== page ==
If you need help on how to manually drain a washing machine, look no further! Sometimes, it’s as simple as needing to re-secure the lid, while other times call for a little elbow grease. This step-by-step guide from Top Shelf Services will guide you through draining your washing machine.
This is a task within reach of most homeowners, and it’s a necessary one. Standing dirty water in your washer can cause odors and create a breeding ground for mold inside your machine. Here’s how to get rid of it.
What do I Need to Drain a Washing Machine?
Draining a washing machine will require a few tools. Before you get started on a DIY washer drain, make sure you have:
- The appliance’s owner’s manual
- A bucket
- A soft-bristled brush
- An additional shallow container if you have a front-loading machine
- A screwdriver
- Needle-nose pliers
- A plumber’s snake (only for really bad clogs)
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How to Drain a Top-Loading Washing Machine
Top-loading washing machines have lids on the top of the machine. First, open the lid and pull out any wet clothing before proceeding. Then shut the lid and try to run the drain cycle again. If it still won’t drain, follow these instructions.
1. Turn Off the Power and Water
Before servicing any appliance, you must turn off the power. It’s best to do this at the breaker, especially if there are leaks around your washer. Turning off the power will prevent you from getting electrocuted.
Then, turn off the water supply to the house or to your laundry room. Your laundry room may have a shut-off valve where the hoses go into the wall. This will keep more water from flooding your machine and your home.
2. Locate the Drain Hose
Pull away your washer so you can see the hoses, then lay towels around to soak up any spilled water. There should be three color-coded hoses in the back of the unit:
- Red hose = hot water
- Blue hose = cold water
- Gray hose = drain hose
3. Drain Excess Water from the Washing Machine
Use your needle-nose pliers to disconnect the clamp around the drain hose at the wall, or unscrew it if it has a washer connection. Hold it with the mouth facing upward to avoid spilling before placing the end of the hose into a bucket to drain.
If it doesn’t drain, read below to see what the problem might be. Also, pull out the hose and hold it up every so often so someone can dump the bucket. Dump the dirty water down any large drain in your home. Showers and bathtub drains work well.
4. Reassemble the Machine and Test
Once the water has drained, reconnect the drain hose and turn on the water and power. Leave the unit where it is and run a rinse and drain cycle to see if the problem is fixed. If not, drain it once more and continue on to further diagnose the problem.
How to Drain a Front-Loading Washing Machine
Front-loading washing machines are a bit more difficult to drain, but it’s still fairly simple. Here are the basics.
1. Turn Off the Power and Water
To err on the side of safety, unplug the washer or switch the circuit breaker off to prevent electric shock. Turn off the water supply at the wall and place towels around the machine.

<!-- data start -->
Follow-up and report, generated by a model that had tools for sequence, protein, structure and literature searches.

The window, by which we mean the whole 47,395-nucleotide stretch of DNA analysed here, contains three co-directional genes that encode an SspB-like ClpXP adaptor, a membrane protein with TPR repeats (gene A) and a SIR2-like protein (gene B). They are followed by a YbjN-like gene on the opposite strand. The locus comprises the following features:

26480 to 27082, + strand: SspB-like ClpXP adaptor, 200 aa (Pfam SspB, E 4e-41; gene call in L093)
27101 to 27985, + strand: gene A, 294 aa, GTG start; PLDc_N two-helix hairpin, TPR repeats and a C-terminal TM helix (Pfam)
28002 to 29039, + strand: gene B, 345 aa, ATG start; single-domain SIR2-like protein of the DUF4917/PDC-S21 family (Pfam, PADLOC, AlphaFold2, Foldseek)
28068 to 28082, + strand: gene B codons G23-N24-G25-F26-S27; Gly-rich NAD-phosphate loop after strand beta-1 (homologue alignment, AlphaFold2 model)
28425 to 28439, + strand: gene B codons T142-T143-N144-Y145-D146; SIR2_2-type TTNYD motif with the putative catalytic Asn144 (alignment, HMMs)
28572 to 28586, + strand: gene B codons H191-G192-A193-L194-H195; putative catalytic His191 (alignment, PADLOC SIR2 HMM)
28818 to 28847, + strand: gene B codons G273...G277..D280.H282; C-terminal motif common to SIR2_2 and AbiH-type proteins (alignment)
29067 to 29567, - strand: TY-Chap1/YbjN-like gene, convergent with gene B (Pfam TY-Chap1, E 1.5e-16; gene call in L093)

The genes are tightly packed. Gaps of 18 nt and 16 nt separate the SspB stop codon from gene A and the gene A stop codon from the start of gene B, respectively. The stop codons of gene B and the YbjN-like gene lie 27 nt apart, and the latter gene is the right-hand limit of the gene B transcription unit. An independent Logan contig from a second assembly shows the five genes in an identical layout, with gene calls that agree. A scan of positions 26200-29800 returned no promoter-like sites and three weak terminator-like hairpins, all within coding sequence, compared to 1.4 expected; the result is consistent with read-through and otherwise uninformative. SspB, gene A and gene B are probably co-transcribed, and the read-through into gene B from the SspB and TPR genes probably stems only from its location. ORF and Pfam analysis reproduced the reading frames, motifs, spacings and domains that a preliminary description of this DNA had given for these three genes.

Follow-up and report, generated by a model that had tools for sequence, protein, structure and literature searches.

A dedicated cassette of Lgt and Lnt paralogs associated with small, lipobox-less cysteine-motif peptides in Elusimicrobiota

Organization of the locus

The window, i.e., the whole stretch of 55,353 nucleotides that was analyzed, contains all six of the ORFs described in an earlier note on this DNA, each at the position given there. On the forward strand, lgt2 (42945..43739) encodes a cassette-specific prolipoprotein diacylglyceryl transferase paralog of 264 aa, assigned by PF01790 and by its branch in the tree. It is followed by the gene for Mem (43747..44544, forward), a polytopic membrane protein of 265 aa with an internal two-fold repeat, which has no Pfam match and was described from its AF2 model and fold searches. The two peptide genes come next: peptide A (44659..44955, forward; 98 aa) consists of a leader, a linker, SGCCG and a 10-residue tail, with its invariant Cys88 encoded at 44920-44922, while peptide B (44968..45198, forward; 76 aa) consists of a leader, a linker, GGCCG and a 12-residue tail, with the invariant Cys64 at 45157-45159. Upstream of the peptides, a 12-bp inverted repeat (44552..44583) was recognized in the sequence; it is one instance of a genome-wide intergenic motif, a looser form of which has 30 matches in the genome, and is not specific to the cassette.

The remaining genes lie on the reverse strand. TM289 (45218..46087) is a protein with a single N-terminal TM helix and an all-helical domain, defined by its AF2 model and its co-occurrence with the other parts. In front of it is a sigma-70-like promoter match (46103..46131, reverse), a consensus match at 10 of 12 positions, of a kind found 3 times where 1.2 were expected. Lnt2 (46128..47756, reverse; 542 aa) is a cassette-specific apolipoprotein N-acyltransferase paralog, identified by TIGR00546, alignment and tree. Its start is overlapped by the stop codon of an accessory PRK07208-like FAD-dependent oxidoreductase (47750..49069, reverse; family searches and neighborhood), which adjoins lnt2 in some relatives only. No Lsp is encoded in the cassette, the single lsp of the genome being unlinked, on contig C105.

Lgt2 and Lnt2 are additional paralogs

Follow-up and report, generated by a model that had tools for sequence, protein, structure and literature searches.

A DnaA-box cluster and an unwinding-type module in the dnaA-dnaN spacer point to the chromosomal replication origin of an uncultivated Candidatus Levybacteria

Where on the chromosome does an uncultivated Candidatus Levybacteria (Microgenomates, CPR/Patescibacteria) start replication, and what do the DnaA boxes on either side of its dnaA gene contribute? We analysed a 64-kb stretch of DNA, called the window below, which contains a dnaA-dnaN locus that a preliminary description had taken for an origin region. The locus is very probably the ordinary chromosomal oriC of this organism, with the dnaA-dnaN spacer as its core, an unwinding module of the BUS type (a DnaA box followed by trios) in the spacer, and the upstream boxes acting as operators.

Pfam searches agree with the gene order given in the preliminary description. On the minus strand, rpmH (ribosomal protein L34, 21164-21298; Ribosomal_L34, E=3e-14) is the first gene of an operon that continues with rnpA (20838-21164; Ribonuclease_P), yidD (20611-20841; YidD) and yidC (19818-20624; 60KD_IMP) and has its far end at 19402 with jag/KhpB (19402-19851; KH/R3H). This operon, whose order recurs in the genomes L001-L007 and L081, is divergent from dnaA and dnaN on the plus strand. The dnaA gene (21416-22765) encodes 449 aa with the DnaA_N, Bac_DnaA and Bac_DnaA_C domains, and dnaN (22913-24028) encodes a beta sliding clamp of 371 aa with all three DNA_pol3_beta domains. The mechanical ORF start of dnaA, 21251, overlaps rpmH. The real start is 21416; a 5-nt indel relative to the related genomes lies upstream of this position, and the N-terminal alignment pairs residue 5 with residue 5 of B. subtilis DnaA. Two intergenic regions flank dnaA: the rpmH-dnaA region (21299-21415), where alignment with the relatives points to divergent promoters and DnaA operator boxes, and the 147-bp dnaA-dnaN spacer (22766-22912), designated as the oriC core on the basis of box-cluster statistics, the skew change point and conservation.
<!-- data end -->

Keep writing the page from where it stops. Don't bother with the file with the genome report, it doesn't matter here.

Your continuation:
2. Locate the Drain Hose
Locate the panel at the bottom front of the washer to access the drain for your front-load washer. There are two kinds. One has just a drainpipe filter, and the other has a drain hose with a filter.
3. Drain the Water
If you only have a filter with no drain hose, align a shallow container to fit directly under the filter in order to catch the water. Slowly turn the knob near the filter to drain the system. Your owner’s manual should tell you where this knob is. Once the container is full, turn the knob off and discard the water. Repeat until empty.
If your system has a hose, detach the drain hose and release the water from the end cap as instructed in your owner’s manual. Once all the water is drained, reattach the hose.
4. Scrub the Filter
While you have the system open, remove debris and residue from the filter by rinsing it with water and scrubbing it with a soft-bristled brush. Replace the filter before reassembling the machine.
5. Reassemble the Machine and Test
Make sure to reinstall all hoses and filters, then turn on the power and water. Try running a test rinse and drain cycle to see if the problem is fixed. If it doesn’t drain again, read below.
Why Isn’t My Washing Machine Draining?
Now that you’ve learned how to drain a washing machine, investigate the cause of why it’s not draining or spinning by administering the following tasks:
Clogged Drain Pipe
Water should have evenly flowed out of the hose or from the outlet valve. If it didn’t, there’s likely a blockage that can be removed using the plumber’s snake. Be prepared for a rush of water if you break through the clog.
Inspect for Pump Blockage
If the pipe feels clear, the next check is the water pump. Use the owner’s manual to access the drain pump. There should be hose clamps on each side of the pump. Use needle-nose pliers to remove the clamps and any clogs.
You may wish to remove as much water from the drum by hand as you can before you release these clamps, especially the one between the drum and the pump. All the water may rush out suddenly once it’s released if the clog is inside the pump.
Still Can’t Get the Washing Machine to Drain?
If you’re still unable to drain your washing machine after these steps, you’ll need to contact a professional. Your local appliance repair technicians at Top Shelf Services can drain and fix your washing machine to get you back on schedule. Contact us today to schedule an appointment.
To prevent clogs in the future, read the owner’s manual for recommendations on the amount and type of detergent to use to keep your appliance at optimal performance. You can also review our guide of preventative tips for washer maintenance as well.
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